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Happy summer learning day!

group reading Lane
Kids in Lane County participate in Summer Reading Spots.
Today is National Summer Learning Day! Here are some updates on what Oregon’s Campaign for Grade-Level Reading communities are doing to keep families and students engaged throughout the summer.

In Yoncalla, Early Works is partnering with the local library to supplement their summer reading program, which targets kids age birth to five and their parents. North Douglas P-3 Alignment (?) is also offering summer Play to Learn Community Playgroups – providing the community with activities like free swimming, summer learning activities, free books and early literacy activities.

In Lane County, 12 school districts are offering the Kids in Transition to School (KITS) Program, designed to provide a boost to children’s literacy, numeracy, self-regulation, and social skills just prior to kindergarten entry. KITS also supports families through the transition to kindergarten, sharing successful strategies for encouraging their young learners. The United Way of Lane County is also organizing a volunteer project called Summer Reading Spots to provide literacy-building reading experiences for young children and to encourage parents to actively participate in reading with their kids. Volunteer readers spend one hour in the park reading with children, three days a week. Each time a child attends, they are given a free book to take home with them so that they can begin their own library at home.

This summer Earl Boyles Elementary is hosting an early kinder transitions program for students and families, summer school with an enhanced reading program for rising second and third graders, a weekly food pantry, and housing justice leadership trainings for parents of color.

kids playing Wallowa
Children playing during a summer activity in Wallowa.
In Wallowa County, the non-profit Building Health Families is hosting a Day of Summer Learning Celebration. The open house is providing a number of activities in science, art, reading and more. There are six partners coming to do activities with kids, and healthy snacks, take-home ideas, and prizes will be provided to all participants.

The newest Oregon GLR community, West Medford, is supporting an eight-week Read and Feed program at two food sites this summer. Kids Unlimited camp counselors read at lunch time to the kindergarten population as well as anyone from the community who would like to join. Each site has been provided 25 books to take home after the program. West Medford is also hosting a gently used book giveaway at their local (very popular) pool, and is continuing their food bank on Tuesday mornings for families.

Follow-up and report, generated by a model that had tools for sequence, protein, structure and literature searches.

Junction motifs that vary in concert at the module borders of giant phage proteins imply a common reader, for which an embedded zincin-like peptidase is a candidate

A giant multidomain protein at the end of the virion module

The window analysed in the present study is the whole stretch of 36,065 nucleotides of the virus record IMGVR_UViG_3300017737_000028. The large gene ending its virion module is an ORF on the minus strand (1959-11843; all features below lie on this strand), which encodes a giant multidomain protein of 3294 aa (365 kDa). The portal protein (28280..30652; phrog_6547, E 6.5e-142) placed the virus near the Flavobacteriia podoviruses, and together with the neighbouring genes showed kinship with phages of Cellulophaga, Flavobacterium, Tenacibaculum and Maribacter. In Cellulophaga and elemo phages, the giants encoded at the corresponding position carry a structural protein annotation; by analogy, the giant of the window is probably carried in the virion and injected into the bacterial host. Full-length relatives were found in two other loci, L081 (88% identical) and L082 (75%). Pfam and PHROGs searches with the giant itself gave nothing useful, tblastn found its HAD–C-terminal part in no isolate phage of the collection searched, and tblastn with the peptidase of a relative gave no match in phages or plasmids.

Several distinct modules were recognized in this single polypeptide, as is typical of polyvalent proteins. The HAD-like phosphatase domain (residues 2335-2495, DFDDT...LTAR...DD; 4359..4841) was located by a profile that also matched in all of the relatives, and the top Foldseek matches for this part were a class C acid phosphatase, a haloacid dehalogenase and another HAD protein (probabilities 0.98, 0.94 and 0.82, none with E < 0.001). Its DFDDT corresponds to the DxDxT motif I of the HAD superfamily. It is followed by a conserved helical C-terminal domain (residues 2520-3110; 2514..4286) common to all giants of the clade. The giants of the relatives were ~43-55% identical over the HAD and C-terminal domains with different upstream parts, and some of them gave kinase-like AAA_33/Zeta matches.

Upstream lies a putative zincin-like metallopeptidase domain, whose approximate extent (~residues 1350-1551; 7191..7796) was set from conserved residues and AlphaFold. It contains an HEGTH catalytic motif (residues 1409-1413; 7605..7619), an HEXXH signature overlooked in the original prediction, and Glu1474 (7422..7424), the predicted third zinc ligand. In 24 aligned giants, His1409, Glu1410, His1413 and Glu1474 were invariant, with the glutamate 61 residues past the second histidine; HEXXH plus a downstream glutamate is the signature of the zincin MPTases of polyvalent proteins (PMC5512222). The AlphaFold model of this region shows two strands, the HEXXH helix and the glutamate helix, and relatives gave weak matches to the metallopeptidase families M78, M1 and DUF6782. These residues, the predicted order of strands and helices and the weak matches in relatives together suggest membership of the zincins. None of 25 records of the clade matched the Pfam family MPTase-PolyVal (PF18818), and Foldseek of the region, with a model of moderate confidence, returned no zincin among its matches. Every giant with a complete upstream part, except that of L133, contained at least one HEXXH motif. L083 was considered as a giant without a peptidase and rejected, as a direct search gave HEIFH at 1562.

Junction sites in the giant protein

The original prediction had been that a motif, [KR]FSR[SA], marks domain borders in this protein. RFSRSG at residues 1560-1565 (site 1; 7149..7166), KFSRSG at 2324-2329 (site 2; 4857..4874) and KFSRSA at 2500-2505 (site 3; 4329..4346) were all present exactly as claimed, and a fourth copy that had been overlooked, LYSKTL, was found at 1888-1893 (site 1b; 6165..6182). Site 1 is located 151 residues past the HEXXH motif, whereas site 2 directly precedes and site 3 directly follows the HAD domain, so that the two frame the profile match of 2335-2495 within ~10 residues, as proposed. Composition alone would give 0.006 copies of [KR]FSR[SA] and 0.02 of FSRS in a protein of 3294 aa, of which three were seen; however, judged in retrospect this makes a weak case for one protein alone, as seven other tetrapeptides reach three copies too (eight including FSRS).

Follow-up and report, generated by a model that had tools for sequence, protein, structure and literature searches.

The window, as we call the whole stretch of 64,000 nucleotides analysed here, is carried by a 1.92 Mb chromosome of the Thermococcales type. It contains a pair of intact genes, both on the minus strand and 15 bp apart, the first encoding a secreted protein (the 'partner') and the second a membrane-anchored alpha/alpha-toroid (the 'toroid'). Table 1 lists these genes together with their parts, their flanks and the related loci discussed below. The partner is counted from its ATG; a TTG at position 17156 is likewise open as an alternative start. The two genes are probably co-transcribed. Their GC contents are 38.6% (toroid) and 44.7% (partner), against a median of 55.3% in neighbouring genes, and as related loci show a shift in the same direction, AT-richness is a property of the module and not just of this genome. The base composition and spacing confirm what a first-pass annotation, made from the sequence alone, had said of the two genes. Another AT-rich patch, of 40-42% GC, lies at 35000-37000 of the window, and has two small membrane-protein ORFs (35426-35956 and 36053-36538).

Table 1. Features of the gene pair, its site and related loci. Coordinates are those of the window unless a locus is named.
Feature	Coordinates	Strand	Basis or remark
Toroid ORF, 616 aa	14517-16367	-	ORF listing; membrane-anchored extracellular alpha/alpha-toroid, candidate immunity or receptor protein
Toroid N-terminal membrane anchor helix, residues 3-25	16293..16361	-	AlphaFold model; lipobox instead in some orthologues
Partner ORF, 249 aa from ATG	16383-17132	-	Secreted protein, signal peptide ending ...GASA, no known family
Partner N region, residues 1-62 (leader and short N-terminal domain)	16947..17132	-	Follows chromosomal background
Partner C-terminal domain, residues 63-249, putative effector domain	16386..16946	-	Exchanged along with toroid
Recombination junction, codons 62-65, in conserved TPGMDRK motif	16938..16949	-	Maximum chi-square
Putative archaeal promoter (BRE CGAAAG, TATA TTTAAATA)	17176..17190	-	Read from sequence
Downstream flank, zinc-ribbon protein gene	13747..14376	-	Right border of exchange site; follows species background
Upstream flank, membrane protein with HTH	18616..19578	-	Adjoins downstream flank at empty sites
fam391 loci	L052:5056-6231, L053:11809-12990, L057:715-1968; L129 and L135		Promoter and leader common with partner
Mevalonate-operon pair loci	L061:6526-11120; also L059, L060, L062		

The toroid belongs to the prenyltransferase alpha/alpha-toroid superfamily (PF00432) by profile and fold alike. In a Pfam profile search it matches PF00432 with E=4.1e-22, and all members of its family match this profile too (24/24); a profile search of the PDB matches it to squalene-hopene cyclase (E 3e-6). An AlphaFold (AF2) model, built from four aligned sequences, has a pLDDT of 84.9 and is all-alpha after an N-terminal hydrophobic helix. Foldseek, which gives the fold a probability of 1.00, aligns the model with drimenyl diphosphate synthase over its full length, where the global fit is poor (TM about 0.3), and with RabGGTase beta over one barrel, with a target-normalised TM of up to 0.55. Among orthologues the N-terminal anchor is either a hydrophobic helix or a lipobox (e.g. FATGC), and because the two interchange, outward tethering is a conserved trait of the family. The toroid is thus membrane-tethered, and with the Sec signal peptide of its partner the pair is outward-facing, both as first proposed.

The Road to High-Quality Early Education

Road to High Quality Early Learning REPORTA new report from the Learning Policy Institute shares lessons from four states (Michigan, West Virginia, Washington and North Carolina) on how to build a high-quality early learning system for children birth through third grade. The findings are both illuminating and practical.

See the report

Chronic Absenteeism in the Nation's Schools

Absenteeism 20160601 draft2 legendThe Department of Education has published an unprecedented look at chronic absenteeism, a huge educational crisis in the United States. While early learning is not called out specifically in the study, we know that chronic absence in kindergarten is a problem that sets the tone for the rest of a child's education.

See the interactive report

Preschool Promise: High-Quality Preschool for More Oregon Kids

Preschool Promise Brief coverTake a look at our newest policy brief about Oregon's investment in high-quality preschool through Preschool Promise. Research shows that high-quality early learning can close the academic achievement gap, and we know that low-income children and children of color stand to benefit most.

This is why we're thrilled that Oregon has taken a significant step by investing in high-quality preschool through Preschool Promise. Passed by the 2015 Legislature, Preschool Promise will begin serving 1,300 children from low-income families in September 2016. The program opens the door to diverse high-quality preschool providers and gives families the opportunity to choose the setting that best meets their needs.

While this investment is a victory, more work remains. More than 32,000 low-income children in Oregon still don't have access to high-quality preschool, and effective implementation of Preschool Promise will require collaboration and support for providers.

Hiring: Director of Communications

CI logo for newsWe are currently seeking a senior management level Director of Communications to join our team. Learn more about the position and how to apply.

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